call for nationwide adoption of “The Oklahoma Project” and that Republicans
seize ownership of this issue as well.
It’s promising that here in Oklahoma, early education isn’t seen as a
Republican or Democratic initiative. It is simply considered an experiment
that works. After all, why should we squander human capacity and perpetuate
social problems as happens when we don’t reach these kids in time?
“This isn’t a liberal issue,” said Skip Steele, a Republican who is a Tulsa
City Council member
strong supporter of early education. “This is investing in our kids, in our
future. It’s a no-brainer.”
Teachers, administrators and outside evaluators agree that students who go
through the preschool program end up about half a year ahead of where they
would be otherwise.
“We’ve seen a huge change in terms of not only academically the preparation
they have walking into kindergarten, but also socially,” saidKirt
the superintendent of Union Public Schools in Tulsa. “It’s a huge
jump-start for kids.”
Oklahoma began a pilot prekindergarten program in 1980, and, in 1998, it
passed a law providing for free access to prekindergarten for all
4-year-olds. Families don’t have to send their children, but three-quarters
of them attend.
In addition, Oklahoma provides more limited support for needy children 3
and under. Oklahoma has more preschools known as Educare
which focus on poor children beginning in their first year, than any other
Oklahoma also supports home visits so that social workers can coach
stressed-out single moms (or occasionally dads) on the importance of
reading to children and chatting with them constantly. The social workers
also drop off books; otherwise, there may not be a single children’s book
in the house.
The Oklahoma initiative is partly a reflection of the influence of George
B. Kaiser, a Tulsa billionaire who searched for charitable causes with the
same rigor as if he were looking at financial investments. He decided on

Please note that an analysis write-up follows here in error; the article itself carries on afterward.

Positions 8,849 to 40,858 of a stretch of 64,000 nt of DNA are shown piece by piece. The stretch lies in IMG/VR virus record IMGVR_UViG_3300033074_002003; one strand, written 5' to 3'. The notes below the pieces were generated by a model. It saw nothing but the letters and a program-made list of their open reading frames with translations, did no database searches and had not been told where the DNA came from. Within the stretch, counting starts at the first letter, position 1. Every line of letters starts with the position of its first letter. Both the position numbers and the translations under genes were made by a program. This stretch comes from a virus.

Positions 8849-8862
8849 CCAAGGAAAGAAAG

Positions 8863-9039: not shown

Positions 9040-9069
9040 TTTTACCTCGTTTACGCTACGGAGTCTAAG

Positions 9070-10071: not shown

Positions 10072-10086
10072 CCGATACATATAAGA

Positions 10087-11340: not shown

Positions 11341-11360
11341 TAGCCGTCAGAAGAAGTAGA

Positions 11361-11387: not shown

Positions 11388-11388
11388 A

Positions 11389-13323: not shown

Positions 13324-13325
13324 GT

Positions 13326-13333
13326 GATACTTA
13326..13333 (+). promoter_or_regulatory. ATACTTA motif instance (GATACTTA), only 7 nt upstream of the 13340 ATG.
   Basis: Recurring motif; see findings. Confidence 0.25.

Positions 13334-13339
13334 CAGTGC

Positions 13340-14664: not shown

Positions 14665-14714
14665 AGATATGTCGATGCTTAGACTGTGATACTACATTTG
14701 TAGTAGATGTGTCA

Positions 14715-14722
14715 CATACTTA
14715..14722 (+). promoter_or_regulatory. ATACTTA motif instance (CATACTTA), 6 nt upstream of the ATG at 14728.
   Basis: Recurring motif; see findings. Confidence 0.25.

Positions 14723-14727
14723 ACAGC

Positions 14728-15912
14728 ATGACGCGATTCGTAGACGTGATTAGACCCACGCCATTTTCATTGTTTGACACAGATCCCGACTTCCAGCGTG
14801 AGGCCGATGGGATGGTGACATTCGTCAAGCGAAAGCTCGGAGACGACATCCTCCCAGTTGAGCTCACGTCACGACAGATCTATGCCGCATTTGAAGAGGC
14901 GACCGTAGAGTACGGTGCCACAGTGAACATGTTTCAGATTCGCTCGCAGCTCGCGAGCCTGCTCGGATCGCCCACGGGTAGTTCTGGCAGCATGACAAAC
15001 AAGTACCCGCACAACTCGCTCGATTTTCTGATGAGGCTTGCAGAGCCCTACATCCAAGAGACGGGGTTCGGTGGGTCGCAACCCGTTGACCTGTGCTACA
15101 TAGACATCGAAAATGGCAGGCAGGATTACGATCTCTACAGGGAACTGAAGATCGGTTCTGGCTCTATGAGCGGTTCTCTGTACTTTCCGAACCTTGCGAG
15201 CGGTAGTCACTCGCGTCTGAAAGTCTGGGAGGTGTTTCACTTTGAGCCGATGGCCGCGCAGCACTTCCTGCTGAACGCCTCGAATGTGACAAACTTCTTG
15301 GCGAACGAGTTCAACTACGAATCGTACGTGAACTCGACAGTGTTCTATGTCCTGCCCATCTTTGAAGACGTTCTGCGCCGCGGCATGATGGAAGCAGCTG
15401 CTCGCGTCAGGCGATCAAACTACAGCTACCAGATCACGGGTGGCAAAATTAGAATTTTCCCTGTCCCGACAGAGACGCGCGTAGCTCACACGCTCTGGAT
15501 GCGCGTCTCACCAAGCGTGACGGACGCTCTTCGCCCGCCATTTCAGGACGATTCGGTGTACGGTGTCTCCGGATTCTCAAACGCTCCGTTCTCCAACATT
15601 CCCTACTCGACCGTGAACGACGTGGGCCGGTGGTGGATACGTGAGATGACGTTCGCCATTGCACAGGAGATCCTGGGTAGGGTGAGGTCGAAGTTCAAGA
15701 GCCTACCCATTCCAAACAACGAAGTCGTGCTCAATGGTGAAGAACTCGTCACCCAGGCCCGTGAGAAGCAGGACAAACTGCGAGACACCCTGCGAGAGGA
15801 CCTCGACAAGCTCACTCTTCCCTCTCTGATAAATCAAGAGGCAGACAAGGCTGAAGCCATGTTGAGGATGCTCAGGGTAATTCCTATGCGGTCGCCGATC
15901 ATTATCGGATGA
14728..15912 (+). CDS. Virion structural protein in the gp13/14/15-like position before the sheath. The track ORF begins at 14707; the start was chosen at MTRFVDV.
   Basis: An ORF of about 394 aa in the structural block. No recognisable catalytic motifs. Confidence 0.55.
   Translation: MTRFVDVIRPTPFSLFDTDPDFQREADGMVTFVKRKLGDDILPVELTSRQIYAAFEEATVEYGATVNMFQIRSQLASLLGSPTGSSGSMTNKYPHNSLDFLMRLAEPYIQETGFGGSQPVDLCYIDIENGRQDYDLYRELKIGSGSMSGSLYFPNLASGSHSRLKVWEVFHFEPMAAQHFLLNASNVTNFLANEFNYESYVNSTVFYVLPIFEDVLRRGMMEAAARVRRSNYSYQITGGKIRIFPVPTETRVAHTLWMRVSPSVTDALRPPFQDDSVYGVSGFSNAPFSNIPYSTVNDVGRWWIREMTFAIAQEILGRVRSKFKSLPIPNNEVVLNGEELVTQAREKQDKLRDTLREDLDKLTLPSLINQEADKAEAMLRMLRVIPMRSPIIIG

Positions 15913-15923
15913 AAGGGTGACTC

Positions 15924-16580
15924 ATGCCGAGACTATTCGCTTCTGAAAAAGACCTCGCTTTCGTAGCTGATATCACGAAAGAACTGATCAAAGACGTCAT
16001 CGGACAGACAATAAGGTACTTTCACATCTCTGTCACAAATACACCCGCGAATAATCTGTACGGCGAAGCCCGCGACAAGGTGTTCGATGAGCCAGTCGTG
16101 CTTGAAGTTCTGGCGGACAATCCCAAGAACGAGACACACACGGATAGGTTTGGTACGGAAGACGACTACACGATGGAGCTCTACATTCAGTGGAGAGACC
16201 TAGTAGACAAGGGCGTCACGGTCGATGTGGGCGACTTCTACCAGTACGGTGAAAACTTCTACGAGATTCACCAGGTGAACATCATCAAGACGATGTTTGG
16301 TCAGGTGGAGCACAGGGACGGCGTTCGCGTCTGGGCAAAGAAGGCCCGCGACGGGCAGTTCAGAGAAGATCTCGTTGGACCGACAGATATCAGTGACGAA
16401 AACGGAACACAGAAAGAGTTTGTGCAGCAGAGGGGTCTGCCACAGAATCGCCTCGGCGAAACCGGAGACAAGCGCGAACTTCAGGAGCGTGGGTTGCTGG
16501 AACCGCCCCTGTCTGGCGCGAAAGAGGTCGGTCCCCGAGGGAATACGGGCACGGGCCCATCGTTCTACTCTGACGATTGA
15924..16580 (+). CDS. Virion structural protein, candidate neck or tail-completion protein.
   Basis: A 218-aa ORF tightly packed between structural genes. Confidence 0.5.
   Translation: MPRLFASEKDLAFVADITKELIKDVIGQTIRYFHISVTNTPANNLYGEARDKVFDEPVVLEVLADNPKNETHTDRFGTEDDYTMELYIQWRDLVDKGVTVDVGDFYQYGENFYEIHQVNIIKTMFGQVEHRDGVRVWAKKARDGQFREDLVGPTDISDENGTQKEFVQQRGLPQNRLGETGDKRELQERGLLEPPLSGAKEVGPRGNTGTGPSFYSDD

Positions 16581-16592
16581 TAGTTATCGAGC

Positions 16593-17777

early education as having the highest return, partly because neuroscience
shows the impact of early interventions on the developing brain and partly
because careful studies have documented enormous gains from early education.
So Kaiser began investing in early interventions in Oklahoma and advocating
for them, and, because of his prominence and business credentials, people
listened to the evidence he cited. He also argues, as a moral issue, that
all children should gain fairer access to the starting line.
“Maybe the reason that rich, smart parents had rich, smart children wasn’t
genetics,” Kaiser told me, “but that those rich, smart parents also held
their kids, read to them, spent a lot of time with them.”
I tagged along as a social worker from Educare visited Whitney Pingleton,
27, a single mom raising three small children. They read to the youngest
and talked about how to integrate literacy into daily life. When you see a
stop sign, the social worker suggested, point to the letters, sound them
out and show how they spell “stop.”
Some of the most careful analysis of the Oklahoma results comes from a team
at Georgetown University led by William T. Gormley
andpublished in peer-reviewed
The researchers find sharp gains in prereading, prewriting and
prearithmetic skills, as well as improvements in social skills. Some
experts think that gains in the ability to self-regulate and work with
others are even more important than the educational gains — and certainly
make for less disruptive classes. Gormley estimates that the benefits of
Oklahoma’s program will outweigh the costs by at least a ratio of 3 to 1.
So how about it, America?
Can we embrace “The Oklahoma Project” — not because it’s liberal or
conservative, but because it’s what is best for our kids and our country?
I invite you to comment on this column on my blog, On the
Please also join me on Facebook <http://www.facebook.com/kristof> and
Google+ <https://plus.google.com/102839963139173448834/posts?hl=en>, watch
my YouTube videos <http://www.youtube.com/nicholaskristof> and follow me on